Acceptance Speech

Distinguished ladies and gentlemen, I am honored and humbled and I must confess a little bit awestruck to be the recipient of this award.

Whatever recognition I receive is due to my family, my friends and Oklahomans whose faith and support in me through the years has made me a better Congressman and person.

As this century comes to a close, our nation and our world once again face great challenges.

I do not believe that we can approach these challenges relying on misconceptions, misinformation and misunderstanding.

I do not believe we can solve our problems by wasting time worrying about labels, liberal or conservative.

And I do not believe that we will conquer the future if we are paralyzed by fear or silence.

I believe that in a nation of immigrants whose forbearers gave up a life they knew to risk everything for a better life, qualities of leadership run deep within the American people.

I believe that to be courageous is to be guided by your own internal moral compass rather than popular decisions and madness of crowds.

All across this nation ordinary men and women are displaying those qualities of leadership.

Members of school boards are resisting pressure from extremists to control school board curriculum.

Doctors are literally risking their lives to make a woman's right to choose a meaningful choice. And some unknown public defender will give an unpopular plaintiff his or her constitutional right to a fair trial.

All across this country you can find examples of such courage. As was said of the Marines at Iwo Jima in 1944: “Uncommon valor was a common virtue.”

These thousands of men and women of courage are living refutation of the belief that public office can only be held by a slavish devotion to public opinion polices. Each day these people respond without reservation to President John F. Kennedy's call when he said: “Whether we fulfilled our responsibilities to the state, our success or failure will be measured by the answers to four questions: First, were we truly men of courage? Second, were we truly men of judgment? Third, were we truly men of integrity? And finally, were we truly men of dedication?”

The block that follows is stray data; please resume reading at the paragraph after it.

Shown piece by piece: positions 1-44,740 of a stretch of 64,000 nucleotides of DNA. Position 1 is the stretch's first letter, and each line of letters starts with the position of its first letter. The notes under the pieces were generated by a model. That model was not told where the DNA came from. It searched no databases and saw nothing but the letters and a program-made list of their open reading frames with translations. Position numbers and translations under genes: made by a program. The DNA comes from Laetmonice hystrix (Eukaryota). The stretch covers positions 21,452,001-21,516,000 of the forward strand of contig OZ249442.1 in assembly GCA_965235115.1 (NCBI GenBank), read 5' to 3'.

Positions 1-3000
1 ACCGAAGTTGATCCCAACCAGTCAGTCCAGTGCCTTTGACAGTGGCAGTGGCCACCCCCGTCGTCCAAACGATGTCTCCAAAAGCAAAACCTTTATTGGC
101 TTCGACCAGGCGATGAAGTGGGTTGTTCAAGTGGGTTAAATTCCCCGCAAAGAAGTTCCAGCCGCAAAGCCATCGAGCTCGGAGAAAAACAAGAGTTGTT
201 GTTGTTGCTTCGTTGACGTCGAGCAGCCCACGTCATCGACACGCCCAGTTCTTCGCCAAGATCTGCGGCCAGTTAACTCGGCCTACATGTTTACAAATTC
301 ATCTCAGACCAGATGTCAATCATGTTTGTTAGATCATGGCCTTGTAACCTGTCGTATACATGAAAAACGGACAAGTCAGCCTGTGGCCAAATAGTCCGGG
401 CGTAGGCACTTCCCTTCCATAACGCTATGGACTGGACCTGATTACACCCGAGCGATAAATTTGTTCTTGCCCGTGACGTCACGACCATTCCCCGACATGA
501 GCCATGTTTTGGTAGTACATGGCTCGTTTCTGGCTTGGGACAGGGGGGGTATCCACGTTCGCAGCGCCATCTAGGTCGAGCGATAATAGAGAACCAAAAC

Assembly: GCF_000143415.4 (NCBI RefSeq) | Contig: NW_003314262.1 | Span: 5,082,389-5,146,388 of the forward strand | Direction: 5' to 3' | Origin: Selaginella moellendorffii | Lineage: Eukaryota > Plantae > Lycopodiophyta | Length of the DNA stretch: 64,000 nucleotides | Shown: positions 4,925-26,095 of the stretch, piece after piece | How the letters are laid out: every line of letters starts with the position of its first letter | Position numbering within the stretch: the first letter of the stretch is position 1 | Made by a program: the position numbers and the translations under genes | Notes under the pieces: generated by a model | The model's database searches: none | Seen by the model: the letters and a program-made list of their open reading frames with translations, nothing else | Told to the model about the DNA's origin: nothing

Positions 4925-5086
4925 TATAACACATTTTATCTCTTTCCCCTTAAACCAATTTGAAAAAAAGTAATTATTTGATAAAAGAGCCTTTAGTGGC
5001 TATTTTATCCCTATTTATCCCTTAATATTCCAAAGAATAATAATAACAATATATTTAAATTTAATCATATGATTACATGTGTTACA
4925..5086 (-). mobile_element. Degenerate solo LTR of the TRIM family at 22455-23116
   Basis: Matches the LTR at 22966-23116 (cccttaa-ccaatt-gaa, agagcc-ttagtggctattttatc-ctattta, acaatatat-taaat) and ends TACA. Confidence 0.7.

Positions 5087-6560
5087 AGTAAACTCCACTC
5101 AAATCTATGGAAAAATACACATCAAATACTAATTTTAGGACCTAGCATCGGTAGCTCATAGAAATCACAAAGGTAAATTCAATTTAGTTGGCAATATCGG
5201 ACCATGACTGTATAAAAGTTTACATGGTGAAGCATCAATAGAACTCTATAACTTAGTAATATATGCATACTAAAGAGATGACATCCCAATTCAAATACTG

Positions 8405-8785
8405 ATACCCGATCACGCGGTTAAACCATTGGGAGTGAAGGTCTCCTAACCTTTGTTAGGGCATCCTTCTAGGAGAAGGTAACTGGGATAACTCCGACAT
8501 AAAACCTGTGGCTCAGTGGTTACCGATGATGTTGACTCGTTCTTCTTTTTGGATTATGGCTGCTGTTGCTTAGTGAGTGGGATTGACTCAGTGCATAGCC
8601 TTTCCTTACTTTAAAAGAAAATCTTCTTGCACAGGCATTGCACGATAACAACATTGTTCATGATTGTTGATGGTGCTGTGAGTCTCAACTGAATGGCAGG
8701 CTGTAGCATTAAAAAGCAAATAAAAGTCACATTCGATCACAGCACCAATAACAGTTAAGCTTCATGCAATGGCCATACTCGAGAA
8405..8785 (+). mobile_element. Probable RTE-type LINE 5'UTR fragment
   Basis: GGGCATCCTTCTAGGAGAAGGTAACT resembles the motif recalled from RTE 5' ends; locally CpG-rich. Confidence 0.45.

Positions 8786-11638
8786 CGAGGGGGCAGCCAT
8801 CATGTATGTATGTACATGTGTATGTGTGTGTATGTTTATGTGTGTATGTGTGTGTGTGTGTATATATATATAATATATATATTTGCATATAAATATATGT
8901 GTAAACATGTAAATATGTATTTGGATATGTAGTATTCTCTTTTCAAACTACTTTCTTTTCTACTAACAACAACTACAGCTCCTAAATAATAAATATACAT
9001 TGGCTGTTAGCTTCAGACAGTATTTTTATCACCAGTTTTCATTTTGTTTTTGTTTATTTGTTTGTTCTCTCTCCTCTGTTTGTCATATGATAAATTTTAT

I believe America and, yes, the world, needs bold, dynamic leadership unafraid of the risks. Without such courageous leadership truth indeed will be snuffed out by fear and silence.

William Faulkner pointed the direction – “Never be afraid to raise your voice for honesty, and truth, and compassion against injustice and lying and greed. If people all over the world would do this, it would change the earth.”

In my life, I've tried to demonstrate such resolve – to walk in my fellow man's steps before I led – to care for others before myself – and to do what is right regardless of the consequences.

Let this award serve as notice that fidelity to the truth, simply doing what is right, and courage count. For those who have chosen and those who will choose this course, thank you.

And on behalf of myself and my family, I thank you.

Remarks made by Oklahoma Congressman Michael Synar on receiving the John F. Kennedy Profile in Courage Award, May 8, 1995.